Ex-Guerrillas Turn into Citizen Scientists Using Their Knowledge of the Colombian Jungle to Protect Biodiversity

Reprinted with permission from World at Large, an online journal focused on travel, foreign affairs, health and fitness, and the environment.

After 2016, when the Revolutionary Armed Forces of Colombia (FARC) signed a peace agreement with the Colombian government, scientists realized that it was suddenly safe to explore the rainforests, mountains, and savannas from which FARC waged a 50-year guerrilla war—and these areas are counted among the most biodiverse and least-explored places on earth.

A few biologists who longed to journey to the heart of these places also seized the opportunity as the perfect way to bring 14,000 former guerrillas back into society in a meaningful way that could benefit not only them, but the country’s stunning biodiversity.

Colombia is often referred to as the world’s most biodiverse country. Although this is a hard thing to designate, since many species around the world of all kinds remain undiscovered, she does lay claim to the most bird species anywhere on earth—both endemic and migratory.

Who better to help protect Colombia’s wild spaces than those who know them best, pondered Jaime Góngora, a wildlife geneticist at the University of Sydney who is originally from Colombia.

Góngora now leads a group of researchers from the United Kingdom, Australia, and 10 different Colombian scientific institutions in a program that trains ex‑guerrillas to study Colombia’s native plants and animals—a program which to date has uncovered nearly 100 previously-unknown species.

RELATED: Dozens of Creatures Thought to Be Extinct Found Alive in ‘Lost City’ in the Jungle (Photos)

Peace with Nature

Peace with Nature now unites scientists with guerillas to help protect Colombia’s biodiversity and aid in the post-conflict situation for thousands of people, 84% of whom, according to Góngora, are interested in pursuing, of all things, river habitat restoration as their post-conflict career path.

Góngora and his colleagues are only too happy to help, and Peace with Nature began hosting citizen scientist workshops to help train eager folks to find, identify, catalogue, and study wild plants, insects, birds, amphibians, and more.

The preparation work was long and hard – between 15 and 18 months according to Góngora.

“We did the first regional workshop last March in a remote ex-combatant village named Charras in the province of Guaviare at the interface of three major ecosystems in Colombia: Andes, Orinoquia, and Amazon,” says Góngora, in an interview with Science Magazine.

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“There, we did a more comprehensive workshop and inventory of an ecotourism trail identifying more than 120 plant and animal species, which were uploaded to iNaturalist”.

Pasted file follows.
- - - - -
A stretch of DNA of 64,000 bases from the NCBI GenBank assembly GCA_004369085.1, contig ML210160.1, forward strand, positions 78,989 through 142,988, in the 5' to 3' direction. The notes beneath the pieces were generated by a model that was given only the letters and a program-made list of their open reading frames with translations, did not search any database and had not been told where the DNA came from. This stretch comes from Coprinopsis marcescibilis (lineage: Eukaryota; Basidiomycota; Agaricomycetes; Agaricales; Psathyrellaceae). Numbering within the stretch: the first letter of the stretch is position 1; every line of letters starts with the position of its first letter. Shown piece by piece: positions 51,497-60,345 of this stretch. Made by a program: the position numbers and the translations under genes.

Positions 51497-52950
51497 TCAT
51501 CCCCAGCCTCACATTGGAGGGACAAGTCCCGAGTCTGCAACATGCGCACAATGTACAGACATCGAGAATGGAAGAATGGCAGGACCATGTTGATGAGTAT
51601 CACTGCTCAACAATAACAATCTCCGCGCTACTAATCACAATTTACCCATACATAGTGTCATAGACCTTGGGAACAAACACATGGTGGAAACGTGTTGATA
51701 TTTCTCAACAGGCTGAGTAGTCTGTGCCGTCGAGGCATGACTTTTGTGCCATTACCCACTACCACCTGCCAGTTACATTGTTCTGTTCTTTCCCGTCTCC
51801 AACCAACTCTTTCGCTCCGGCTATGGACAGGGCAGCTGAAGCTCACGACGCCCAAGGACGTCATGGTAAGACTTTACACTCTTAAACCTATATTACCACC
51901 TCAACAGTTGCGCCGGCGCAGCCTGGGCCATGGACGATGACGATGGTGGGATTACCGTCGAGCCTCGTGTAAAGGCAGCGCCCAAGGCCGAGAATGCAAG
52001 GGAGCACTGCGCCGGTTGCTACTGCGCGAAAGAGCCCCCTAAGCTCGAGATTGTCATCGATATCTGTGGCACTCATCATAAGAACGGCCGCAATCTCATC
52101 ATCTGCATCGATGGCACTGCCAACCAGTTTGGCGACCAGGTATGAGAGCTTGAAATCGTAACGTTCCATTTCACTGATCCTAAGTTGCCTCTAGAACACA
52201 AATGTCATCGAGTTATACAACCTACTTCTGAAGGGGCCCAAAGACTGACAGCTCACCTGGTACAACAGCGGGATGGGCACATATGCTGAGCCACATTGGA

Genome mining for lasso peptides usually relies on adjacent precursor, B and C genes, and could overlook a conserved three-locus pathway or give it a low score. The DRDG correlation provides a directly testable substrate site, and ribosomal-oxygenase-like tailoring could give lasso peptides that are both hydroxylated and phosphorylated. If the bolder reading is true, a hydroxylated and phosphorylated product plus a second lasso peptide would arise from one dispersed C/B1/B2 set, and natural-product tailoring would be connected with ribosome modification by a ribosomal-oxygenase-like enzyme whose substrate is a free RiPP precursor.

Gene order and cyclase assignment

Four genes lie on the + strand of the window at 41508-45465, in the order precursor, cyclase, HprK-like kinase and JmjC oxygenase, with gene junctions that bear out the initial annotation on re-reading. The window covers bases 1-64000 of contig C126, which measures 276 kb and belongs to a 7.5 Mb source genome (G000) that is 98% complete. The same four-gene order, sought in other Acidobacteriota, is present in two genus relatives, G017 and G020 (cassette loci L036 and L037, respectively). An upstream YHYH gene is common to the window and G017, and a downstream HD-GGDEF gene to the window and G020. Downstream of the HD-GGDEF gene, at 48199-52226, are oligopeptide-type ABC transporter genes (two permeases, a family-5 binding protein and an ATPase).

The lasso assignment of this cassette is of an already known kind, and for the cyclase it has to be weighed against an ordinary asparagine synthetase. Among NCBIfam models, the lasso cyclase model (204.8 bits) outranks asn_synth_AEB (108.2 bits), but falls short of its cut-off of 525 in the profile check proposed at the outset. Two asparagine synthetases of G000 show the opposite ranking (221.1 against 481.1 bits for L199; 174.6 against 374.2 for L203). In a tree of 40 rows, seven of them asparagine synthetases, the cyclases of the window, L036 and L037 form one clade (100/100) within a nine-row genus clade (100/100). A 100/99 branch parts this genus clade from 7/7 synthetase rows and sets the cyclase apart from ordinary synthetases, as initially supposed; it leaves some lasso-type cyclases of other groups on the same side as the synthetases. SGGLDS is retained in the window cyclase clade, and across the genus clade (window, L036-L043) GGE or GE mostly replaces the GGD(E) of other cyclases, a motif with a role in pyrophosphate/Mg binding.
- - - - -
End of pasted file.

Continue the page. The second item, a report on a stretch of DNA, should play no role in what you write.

iNaturalist is an app used by citizen scientists around the globe, that allows naturalists to document their country’s biodiversity inventories and to inform and highlight potential ecotourists of attractions in their communities.

“In some of the workshops, we have the presence of the police and military forces along with the ex-combatants,” explains Góngora. “I think what has surprised me most is the opportunity that biodiversity offers for reconciliation and healing after an armed conflict. These workshops have been spaces for a respectful dialogue about biodiversity and nature”.

WATCH a video from Peace With Nature… (File photo by Nishaan ahmed)

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100 Year-old Bachelorette Tortoise May Be the Last of Her Species – But She Has New Hope for a Boyfriend

Last year, in the recently expanded Galapagos Islands National Park, scientists made a “monumental” discovery when they found a solitary female tortoise on one of the islands where tortoises were thought to be extinct for over 100 years.

Because of its location, the animal was presumed to belong to the extinct species only found on that island, Chelonoidis phantasticus, the Fernandina giant tortoise, named for the Fernandina Island, one of the youngest and most volcanically-active in the famous Galapagos Archipelago.

The matriarchal tortoise is believed to be over 100 years-old, and it was immediately transferred to the giant tortoise breeding center on Santa Cruz Island and plans were made for a return to Fernandina to try and track down a mate.

In the meantime, blood samples were sent to Yale University to determine whether or not she is indeed a member of the extinct species.

Two months ago, in December 2019, a team of 10 scientists and park rangers ventured to the island and found evidence that confirmed the presence of at least one more turtle on the island.